Usually, accelerated underwriting programs are limited to healthier demographics and only a small portion of those eligible could qualify without completing traditional underwriting requirements. 

Munich Re’s 2021 survey says 67% of companies now offer the same number of standard and preferred risk classes as their traditionally underwritten products, up 17% from 2018. These classes allow life insurance carriers to provide coverage to a larger audience. 

For example, 83% of accelerated underwriting programs now allow tobacco users to participate in their accelerated underwriting programs, a 16% increase from 2018. Although more people can get coverage, there are more limitations and a lack of table rating offers for programs that accelerate people with health risks, such as tobacco users. 

Additionally, the use of predictive analytics and machine learning algorithms in underwriting programs makes it easier and faster for customers to obtain life insurance coverage by skipping traditional tedious underwriting processes. 

The bottom line

Today, life insurers must offer a digital-first customer experience. Research from PwC shows that 41% of consumers will switch insurance providers in favour of more digitized alternatives. The pandemic served as a radical shift towards digitization, changing how life insurance companies perform underwriting, the information needed to underwrite policies, and distribution channels and approaches.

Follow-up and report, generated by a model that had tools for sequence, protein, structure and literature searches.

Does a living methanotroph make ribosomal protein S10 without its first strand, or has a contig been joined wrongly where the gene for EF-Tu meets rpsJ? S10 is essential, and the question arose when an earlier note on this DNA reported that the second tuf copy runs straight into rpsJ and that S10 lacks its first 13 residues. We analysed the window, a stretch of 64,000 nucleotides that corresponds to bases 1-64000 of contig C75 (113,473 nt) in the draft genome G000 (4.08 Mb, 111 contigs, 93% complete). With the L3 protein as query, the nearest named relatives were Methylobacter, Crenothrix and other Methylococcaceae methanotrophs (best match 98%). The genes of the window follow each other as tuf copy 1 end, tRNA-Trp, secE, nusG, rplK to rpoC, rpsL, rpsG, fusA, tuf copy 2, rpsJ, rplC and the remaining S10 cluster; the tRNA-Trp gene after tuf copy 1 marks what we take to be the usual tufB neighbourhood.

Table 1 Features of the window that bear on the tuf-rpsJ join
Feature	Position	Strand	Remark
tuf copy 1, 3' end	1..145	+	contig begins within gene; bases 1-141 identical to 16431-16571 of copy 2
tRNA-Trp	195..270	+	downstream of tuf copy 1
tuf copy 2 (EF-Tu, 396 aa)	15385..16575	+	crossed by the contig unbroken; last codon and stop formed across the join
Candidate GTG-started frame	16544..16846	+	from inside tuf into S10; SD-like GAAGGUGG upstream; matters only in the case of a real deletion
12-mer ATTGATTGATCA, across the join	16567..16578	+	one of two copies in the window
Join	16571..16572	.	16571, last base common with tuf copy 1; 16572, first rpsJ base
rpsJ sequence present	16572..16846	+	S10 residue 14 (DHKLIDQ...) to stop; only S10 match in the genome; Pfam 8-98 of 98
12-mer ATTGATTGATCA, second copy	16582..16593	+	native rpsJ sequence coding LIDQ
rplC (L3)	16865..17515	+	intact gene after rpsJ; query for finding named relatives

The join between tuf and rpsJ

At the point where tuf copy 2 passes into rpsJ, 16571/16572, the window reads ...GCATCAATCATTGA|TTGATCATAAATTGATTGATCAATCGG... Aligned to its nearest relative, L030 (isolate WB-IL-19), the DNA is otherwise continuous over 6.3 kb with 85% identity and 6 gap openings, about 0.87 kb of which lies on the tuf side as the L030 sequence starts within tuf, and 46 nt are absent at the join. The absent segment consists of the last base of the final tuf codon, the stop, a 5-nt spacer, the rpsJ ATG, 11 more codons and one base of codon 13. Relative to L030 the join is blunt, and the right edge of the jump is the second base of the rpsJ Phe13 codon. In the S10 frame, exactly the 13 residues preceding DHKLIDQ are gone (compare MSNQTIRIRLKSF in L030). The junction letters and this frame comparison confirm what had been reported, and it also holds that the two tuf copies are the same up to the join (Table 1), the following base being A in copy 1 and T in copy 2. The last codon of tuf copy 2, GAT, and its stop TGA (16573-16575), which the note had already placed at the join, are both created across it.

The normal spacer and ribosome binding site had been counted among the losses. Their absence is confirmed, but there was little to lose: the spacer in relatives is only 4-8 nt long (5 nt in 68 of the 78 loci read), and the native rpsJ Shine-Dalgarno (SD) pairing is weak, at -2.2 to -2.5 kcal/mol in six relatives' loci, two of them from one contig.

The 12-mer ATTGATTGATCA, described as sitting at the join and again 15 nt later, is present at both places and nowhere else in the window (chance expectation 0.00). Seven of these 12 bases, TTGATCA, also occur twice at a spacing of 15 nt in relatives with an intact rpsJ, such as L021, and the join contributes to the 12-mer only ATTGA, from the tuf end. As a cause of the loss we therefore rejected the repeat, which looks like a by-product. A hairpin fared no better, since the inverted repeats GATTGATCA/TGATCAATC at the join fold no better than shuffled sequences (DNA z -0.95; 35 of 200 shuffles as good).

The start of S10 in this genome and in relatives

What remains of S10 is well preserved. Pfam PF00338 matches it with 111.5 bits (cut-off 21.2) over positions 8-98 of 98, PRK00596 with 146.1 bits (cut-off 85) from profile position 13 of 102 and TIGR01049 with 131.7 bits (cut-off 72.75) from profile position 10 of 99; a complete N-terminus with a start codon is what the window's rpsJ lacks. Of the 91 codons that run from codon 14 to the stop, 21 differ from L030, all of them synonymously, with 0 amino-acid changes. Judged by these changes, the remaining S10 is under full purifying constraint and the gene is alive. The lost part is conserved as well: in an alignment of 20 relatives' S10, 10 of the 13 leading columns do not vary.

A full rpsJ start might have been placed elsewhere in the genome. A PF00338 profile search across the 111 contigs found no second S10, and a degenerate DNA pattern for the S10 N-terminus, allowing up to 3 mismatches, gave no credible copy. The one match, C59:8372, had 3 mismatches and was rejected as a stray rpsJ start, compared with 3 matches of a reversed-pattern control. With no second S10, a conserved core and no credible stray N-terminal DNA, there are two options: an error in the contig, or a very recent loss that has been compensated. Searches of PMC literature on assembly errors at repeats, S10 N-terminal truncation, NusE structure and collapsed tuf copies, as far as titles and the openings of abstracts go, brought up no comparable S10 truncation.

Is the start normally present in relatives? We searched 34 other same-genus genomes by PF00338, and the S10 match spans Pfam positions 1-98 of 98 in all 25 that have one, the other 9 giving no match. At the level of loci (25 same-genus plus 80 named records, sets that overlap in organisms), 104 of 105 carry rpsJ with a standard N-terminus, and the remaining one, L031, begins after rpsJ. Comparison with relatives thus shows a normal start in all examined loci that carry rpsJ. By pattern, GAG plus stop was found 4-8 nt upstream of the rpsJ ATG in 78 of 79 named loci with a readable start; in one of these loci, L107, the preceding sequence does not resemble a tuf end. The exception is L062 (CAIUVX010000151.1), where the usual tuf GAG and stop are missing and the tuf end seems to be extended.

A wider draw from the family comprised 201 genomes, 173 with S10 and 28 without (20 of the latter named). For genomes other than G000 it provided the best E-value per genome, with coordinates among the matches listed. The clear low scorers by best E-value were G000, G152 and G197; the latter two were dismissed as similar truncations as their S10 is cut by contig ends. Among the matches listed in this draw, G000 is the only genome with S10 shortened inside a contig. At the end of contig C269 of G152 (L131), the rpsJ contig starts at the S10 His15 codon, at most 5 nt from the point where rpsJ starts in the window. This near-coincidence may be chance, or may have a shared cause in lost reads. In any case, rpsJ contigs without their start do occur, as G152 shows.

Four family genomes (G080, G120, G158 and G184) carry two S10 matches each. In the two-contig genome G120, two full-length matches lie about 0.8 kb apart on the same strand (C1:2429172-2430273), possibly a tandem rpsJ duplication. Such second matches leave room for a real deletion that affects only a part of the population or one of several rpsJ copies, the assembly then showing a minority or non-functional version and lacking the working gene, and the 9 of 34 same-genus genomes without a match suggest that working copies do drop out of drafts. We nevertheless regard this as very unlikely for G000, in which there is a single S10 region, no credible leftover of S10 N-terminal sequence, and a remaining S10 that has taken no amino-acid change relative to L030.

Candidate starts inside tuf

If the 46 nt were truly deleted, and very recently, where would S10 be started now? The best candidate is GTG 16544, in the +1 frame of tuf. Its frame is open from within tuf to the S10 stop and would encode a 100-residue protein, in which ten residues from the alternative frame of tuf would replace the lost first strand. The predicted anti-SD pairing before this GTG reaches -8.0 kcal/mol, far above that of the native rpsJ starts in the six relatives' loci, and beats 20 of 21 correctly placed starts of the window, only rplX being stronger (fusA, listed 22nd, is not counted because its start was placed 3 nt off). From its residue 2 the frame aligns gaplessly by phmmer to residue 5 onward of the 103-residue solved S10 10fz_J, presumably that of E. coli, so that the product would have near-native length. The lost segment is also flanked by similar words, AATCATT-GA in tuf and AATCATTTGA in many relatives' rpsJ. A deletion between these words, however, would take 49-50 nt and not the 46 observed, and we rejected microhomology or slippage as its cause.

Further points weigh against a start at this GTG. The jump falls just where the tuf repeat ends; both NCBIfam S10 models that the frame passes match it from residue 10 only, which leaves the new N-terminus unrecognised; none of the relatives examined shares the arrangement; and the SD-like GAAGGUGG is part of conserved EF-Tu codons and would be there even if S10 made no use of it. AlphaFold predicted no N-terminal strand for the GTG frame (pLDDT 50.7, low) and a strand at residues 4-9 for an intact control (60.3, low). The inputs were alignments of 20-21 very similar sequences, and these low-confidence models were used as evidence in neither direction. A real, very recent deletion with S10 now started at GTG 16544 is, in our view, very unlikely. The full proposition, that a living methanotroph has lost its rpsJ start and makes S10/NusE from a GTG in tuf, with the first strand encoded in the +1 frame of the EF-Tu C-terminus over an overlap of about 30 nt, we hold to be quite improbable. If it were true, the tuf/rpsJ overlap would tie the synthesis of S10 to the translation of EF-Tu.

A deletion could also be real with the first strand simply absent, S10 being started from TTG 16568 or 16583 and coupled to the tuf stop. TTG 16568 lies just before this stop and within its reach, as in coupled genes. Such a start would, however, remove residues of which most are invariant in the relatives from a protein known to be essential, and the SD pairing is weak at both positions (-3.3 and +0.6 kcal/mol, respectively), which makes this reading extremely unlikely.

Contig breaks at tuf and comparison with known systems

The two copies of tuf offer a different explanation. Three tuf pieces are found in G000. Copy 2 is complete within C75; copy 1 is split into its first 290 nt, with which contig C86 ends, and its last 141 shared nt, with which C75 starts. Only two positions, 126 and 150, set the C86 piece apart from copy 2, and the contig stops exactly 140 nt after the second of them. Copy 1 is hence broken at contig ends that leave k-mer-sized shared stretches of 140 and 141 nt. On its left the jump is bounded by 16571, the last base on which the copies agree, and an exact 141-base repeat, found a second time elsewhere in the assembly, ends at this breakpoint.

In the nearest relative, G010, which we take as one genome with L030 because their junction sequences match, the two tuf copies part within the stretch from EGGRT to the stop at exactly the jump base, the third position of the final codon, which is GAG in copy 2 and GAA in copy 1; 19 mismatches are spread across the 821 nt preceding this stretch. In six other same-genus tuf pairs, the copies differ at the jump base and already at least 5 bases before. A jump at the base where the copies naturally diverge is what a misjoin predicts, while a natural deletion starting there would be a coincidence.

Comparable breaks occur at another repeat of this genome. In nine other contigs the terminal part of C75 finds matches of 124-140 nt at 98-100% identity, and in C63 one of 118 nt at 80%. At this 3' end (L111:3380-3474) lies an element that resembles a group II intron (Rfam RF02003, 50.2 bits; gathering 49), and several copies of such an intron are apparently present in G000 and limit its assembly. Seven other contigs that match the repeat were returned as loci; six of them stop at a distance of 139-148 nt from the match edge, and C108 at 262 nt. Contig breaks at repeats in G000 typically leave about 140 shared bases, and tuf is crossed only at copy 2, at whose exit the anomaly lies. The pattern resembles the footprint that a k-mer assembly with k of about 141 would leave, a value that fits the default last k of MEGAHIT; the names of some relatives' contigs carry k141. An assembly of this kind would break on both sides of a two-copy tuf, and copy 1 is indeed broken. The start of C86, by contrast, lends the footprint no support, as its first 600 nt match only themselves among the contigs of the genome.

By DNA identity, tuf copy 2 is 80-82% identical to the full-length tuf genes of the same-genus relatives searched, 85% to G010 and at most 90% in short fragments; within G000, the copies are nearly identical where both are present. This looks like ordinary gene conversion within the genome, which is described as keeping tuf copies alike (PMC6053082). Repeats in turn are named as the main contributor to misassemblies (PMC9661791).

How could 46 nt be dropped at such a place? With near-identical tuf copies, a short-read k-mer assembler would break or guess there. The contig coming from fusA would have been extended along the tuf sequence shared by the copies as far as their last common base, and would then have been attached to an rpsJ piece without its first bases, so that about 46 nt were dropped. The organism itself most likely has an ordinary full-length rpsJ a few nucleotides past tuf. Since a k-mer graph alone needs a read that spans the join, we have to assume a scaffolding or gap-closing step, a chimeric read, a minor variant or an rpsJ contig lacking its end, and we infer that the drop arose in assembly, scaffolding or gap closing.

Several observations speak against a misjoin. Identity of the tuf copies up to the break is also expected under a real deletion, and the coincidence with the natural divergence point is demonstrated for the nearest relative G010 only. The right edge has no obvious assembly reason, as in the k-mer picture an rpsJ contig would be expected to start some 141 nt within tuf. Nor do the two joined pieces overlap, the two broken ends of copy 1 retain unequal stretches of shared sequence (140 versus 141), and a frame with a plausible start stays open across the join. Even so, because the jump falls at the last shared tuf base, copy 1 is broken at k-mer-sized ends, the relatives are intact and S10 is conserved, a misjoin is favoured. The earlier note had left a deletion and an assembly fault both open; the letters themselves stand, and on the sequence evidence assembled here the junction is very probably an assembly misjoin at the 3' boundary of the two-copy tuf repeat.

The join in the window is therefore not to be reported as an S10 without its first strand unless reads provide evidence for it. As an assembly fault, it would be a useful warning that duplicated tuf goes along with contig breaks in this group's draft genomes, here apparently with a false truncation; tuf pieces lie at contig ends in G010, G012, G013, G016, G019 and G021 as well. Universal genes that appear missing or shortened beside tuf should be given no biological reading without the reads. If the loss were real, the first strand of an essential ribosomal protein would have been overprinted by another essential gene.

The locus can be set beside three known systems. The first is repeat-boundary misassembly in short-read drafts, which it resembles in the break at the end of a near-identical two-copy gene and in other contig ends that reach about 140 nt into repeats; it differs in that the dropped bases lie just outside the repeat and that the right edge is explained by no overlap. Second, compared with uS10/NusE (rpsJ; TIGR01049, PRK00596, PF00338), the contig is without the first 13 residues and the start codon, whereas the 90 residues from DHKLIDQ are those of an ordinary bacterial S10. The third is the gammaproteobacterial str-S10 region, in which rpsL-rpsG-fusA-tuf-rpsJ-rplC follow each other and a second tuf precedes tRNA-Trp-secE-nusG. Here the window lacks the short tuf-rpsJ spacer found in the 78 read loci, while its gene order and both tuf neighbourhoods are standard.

Insurers who can most effectively collect data to create personalized policies and recognize when clients could be candidates for cross-selling and up-selling opportunities will win in the post-COVID-19 world. Conversely, insurance companies who don’t adapt will miss out on a chance to expand to markets they never knew existed. 

Luke James, Content Creator at Global IQX

Luke James

Luke James is a Content Creator at Global IQX, the leading provider of AI-driven new business and underwriting solutions for employee benefits. With a background in journalism, Luke writes about digital transformation in the insurance industry including major trends like big data, personalization, artificial intelligence, and user experience optimization.

People under umbrellas. Visualization of personalized life insurance sales.
Neon sign of a chat bubble with the word "Hello!"
Individual using a laptop under the night sky

Get the latest insights to your inbox